Africa is embarking in one of its major regional integration projects since the African Union was conceived: a Continental Free Trade Area (CFTA), which gained traction through an African Union Decision and Declaration mandating the establishment of the pan-African free trade area by 2017. Considerable progress has been made since, with the official launch of CFTA negotiations last June. A major prerogative for the realization of a CFTA is that fifty-four African States make concessions for the common benefit of liberalized trade. This paper therefore critically looks at what is being considered in the negotiations of a CFTA in terms of objectives, scope, disciplines and timelines. It also contemplates critical elements of operability and functionality of a future CFTA agreement and proposes key elements that may give content and help realize a prospective CFTA which can deliver on the promise of greater intra-African trade.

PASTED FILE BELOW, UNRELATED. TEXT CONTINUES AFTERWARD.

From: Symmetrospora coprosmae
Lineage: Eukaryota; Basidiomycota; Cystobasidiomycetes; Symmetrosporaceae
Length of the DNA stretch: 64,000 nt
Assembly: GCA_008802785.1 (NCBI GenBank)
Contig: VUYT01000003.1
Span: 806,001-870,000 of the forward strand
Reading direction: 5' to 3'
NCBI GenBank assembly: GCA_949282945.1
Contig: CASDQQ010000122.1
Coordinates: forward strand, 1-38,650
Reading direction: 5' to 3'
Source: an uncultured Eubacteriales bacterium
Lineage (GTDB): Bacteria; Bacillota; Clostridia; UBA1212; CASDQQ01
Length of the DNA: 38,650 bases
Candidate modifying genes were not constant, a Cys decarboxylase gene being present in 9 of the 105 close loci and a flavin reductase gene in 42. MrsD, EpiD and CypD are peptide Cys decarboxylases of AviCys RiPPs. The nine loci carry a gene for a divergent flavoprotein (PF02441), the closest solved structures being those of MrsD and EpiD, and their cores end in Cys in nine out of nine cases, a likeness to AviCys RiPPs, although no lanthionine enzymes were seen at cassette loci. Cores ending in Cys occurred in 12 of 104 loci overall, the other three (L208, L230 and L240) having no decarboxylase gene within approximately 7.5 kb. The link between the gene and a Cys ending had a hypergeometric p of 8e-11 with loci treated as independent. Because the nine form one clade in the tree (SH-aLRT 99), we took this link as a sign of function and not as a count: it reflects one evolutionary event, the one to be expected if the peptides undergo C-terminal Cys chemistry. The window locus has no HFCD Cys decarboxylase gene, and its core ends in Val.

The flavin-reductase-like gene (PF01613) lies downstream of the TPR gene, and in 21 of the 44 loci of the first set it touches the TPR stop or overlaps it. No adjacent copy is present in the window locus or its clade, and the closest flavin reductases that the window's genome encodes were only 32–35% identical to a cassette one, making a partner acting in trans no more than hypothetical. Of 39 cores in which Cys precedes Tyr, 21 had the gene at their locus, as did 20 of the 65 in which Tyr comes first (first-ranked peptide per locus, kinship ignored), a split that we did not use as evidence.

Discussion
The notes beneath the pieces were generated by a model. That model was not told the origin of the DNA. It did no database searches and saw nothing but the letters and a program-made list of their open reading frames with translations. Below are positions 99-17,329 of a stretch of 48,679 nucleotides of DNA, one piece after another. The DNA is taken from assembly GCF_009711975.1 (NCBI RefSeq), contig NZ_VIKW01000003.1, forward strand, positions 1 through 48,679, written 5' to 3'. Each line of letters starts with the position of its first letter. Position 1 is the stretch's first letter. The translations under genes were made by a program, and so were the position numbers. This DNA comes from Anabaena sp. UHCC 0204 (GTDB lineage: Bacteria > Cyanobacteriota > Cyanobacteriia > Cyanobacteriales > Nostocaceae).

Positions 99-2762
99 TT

Journal of World Trade